A hospital stay with her poorly baby inspired Rawa Abu Lawi to achieve a PhD – to improve the experiences of other children and their parents.
While waiting for a diagnosis for her son Yanal’s condition, Rawa spent time in numerous hospitals in her home country of Palestine, seeing first-hand where she felt changes could be made.
Now Rawa has graduated from Lancaster University with a PhD entitled Healing by Design: Interior architecture and interior design of public spaces for children’s hospitals.
She said: “In 2004, I gave birth to a child who suffered from an illness that was impossible to diagnose until he was one year old.
“Diagnosing the problem required visits to several hospitals in Palestine. He had to be hospitalised for several days, which allowed me to see first-hand the poor conditions of primary care, especially for children.
“For example, there was no place for a parent or primary carer to sleep; only a small chair beside the bed, and the room was shared with eight other children, along with their mothers and other visitors.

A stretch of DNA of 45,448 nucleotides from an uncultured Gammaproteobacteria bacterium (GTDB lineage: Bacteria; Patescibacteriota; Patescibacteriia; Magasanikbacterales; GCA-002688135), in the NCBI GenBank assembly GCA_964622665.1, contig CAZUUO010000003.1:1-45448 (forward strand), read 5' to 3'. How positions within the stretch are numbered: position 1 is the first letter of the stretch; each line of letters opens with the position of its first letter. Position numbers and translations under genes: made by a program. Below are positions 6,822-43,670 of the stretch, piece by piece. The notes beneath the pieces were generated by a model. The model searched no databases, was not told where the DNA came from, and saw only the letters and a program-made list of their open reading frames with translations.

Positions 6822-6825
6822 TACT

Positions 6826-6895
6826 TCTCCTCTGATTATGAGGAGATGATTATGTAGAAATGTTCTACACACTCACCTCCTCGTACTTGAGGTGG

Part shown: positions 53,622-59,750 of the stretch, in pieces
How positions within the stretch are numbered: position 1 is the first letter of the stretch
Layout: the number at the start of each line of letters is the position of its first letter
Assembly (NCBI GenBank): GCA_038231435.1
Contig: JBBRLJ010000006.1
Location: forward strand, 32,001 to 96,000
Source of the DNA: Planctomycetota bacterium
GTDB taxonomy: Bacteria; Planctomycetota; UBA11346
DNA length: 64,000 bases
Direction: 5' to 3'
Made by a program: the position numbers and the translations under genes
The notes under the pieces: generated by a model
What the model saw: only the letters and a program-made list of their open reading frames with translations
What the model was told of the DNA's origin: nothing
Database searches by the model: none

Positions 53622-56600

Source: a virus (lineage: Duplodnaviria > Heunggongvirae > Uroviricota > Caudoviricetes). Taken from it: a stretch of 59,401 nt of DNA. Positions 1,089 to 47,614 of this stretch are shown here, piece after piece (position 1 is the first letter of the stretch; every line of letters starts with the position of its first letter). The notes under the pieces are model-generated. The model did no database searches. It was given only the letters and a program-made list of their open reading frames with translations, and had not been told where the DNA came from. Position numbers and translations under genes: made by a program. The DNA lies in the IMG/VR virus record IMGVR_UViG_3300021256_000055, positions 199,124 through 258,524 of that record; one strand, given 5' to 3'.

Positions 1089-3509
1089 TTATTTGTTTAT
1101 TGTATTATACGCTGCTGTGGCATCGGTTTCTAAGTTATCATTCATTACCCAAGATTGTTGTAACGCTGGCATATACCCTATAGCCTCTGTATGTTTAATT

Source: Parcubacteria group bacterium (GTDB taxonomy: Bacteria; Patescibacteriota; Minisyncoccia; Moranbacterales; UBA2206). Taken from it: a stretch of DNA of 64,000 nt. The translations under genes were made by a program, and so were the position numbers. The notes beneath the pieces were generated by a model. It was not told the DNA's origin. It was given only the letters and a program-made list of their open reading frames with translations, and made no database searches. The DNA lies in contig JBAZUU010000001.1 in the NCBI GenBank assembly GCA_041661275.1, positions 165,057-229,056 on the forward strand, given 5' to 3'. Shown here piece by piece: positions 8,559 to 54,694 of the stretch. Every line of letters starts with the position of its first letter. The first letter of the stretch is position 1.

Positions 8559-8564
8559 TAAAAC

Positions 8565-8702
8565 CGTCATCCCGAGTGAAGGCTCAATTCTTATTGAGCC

“In addition, there were no public spaces set aside for children to play and no consideration of the aesthetics of the environment that might help children forget their illness. In other words, the environment was not conducive to supportive healing.
“As an architect and interior designer, these images and memories stimulated me to ask: how can we provide a supportive environment for all age ranges of children in hospitals, especially in the context of Palestine?”
Rawa, who lectures at An-Najah National University in Palestine, undertook her PhD to progress her career but faced obstacles along the way. She suffered visa set-backs and had to leave her family at home to undertake her studies in Lancaster.
She said: “What helped me to overcome my challenges, particularly being away form family, was my friends at Lancaster University, the great porters and the accommodation team in Graduate College, the place I lived in for four-and-a-half years.
“Their encouragement and support means a lot to me and can't be forgotten.”
Rawa also thanked her supervisors, Professor Stuart Walker and Dr Chris Boyko, for their support, and said conferences at the University helped her to share her work.
She said: “They helped me to disseminate my work, and in 2016 I was awarded the prize for the best 15-minute presentation.”
Rawa is now hoping to apply her work to hospitals in Palestine, to improve children’s wards and to test her research findings.
She said: “Life is full of challenges, but without working hard, believing in yourself and having adventures, success will not be achieved and history will not be created.”